We can’t say we didn’t see this coming. In the first edition of The Heart and Soul of Change: What Works in Therapy, published in 1999, authors Mark Hubble, Barry Duncan, and Scott Miller predicted that psychotherapists would soon be facing a new era of accountability for their work. Clients, payors, and policymakers would all demand hard evidence that psychotherapy was effective. That era is well underway, and so far we have provided a wealth of the kind of information these parties have demanded.
We can demonstrate that therapy works as an overall conclusion, and within the contexts of specific problems and populations. Proving the effectiveness of specific models has been helpful in many ways (showing that model-based treatment is superior to no treatment) and enlightening in others (showing that, for most problems, the model of therapy has little to no impact on outcome). The brain research discussed by Siegel, Cozolino, and others explains why therapy works. Psychotherapy in general is being held accountable, and it is passing the test with flying colors.
The same cannot be said of specific therapists, or of therapy training programs – yet. Individual therapists have historically not had to prove their effectiveness in any meaningful or measurable way, and training programs have historically been evaluated more on their inputs (like following a common curriculum) than their outputs (whether they produce competent and effective graduates). But accountability on these levels is coming, and quickly.
Ed. note: This post is a lightly-edited excerpt from Saving Psychotherapy, available both here and on Amazon. Reprinted by permission.
Greater accountability is going to wind up closing some graduate programs in psychotherapy. Whether morally right or not, this is the reality. Online universities have already seen steep enrollment drops in the face of increased scrutiny from the federal government, and increased attention to their attrition and job placement rates. Accreditors in the psychotherapy professions are now demanding that programs publish information on programs’ costs, completion rates, diversity, license exam pass rates, and employment rates after graduation – information that will likely steer prospective students away from underperforming programs. Even APA-accredited programs in psychology will risk accreditation loss and ultimately closure if they can’t place enough of their students in accredited internships – and there aren’t enough internships to go around.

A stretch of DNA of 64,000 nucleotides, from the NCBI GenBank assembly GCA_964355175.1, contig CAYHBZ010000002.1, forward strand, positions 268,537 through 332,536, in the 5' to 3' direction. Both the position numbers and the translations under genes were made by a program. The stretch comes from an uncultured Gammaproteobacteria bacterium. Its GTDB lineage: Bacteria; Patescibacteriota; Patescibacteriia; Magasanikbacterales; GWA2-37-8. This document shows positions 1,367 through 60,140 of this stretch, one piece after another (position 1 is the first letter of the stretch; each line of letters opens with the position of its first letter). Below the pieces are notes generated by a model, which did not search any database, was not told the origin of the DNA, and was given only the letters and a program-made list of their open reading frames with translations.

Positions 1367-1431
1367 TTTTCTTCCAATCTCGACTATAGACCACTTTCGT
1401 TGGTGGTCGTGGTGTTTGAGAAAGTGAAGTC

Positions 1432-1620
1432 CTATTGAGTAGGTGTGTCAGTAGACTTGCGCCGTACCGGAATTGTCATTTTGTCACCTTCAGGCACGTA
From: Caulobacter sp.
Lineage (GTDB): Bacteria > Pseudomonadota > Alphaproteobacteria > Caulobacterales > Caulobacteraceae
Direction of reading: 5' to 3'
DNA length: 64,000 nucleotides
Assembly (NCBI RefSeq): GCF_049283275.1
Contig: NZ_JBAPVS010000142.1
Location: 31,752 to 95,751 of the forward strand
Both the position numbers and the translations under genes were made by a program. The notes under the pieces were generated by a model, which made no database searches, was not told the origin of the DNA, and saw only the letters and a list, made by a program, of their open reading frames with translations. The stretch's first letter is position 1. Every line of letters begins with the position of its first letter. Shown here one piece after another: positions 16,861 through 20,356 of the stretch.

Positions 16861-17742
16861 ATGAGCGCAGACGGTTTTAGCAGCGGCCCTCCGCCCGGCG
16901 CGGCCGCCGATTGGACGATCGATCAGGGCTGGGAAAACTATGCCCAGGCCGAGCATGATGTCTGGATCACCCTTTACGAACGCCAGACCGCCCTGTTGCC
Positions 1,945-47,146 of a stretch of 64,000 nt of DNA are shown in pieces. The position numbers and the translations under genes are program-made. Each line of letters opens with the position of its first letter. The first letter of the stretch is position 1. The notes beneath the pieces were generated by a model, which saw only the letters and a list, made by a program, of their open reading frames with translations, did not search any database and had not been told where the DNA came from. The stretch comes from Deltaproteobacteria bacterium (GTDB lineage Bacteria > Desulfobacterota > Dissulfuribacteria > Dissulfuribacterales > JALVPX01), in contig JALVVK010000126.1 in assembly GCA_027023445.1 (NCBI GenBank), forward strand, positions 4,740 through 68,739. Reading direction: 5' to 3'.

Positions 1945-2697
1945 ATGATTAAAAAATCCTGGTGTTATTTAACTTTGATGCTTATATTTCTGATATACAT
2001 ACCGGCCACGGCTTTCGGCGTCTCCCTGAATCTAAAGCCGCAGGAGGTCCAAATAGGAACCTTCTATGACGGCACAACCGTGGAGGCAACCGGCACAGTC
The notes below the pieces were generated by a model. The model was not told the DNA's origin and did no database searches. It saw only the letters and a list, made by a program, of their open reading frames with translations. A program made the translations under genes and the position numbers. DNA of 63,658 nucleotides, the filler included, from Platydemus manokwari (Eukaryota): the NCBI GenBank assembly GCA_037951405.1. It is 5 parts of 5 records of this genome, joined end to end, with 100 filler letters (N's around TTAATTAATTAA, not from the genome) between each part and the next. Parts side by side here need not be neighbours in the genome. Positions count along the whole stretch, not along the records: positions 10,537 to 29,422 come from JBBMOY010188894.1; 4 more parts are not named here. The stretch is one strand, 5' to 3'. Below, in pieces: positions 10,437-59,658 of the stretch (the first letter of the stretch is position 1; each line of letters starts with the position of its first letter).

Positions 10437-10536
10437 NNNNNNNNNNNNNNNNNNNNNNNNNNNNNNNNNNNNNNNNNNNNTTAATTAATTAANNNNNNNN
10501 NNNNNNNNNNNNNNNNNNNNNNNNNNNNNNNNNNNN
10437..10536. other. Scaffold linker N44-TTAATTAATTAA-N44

The domino effect of these pressures will be interesting to watch. In many ways, the outcomes could be good for our field: Programs may reduce enrollments (by eliminating academically weaker applicants) and adopt higher standards for graduation (to ensure their license exam success data remains strong). Fewer programs, and smaller enrollments
in existing programs, would ease the concern among some therapists that there are simply too many professionals in the field.*
These changes in therapist training will necessarily lead to heightened accountability for individual therapists, at least while they are within their training programs. Some programs are already experimenting with structured clinical exercises for students to prove that they can perform specific skills – with those students who fail given additional training. Others are utilizing outcome data on individual therapists to tailor their training and ensure competency before allowing a student to graduate. In this way, programs are slowly transitioning to requiring that students demonstrate not just knowledge (through papers and exams) but measurable clinical effectiveness.
That’s a sea change for the preparation of therapists, and one that is long overdue. Psychotherapy is effective, but unlike the process of advancement in other health care fields, psychotherapy’s outcomes have not improved in decades. The retraining or removal of less-effective therapists is the method that today holds the most promise for increasing the overall effectiveness of psychotherapy.
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* I don’t actually give this concern a lot of weight, for reasons I cover in the book, but it is a concern for many therapists worried about practicing in markets they think of as oversaturated.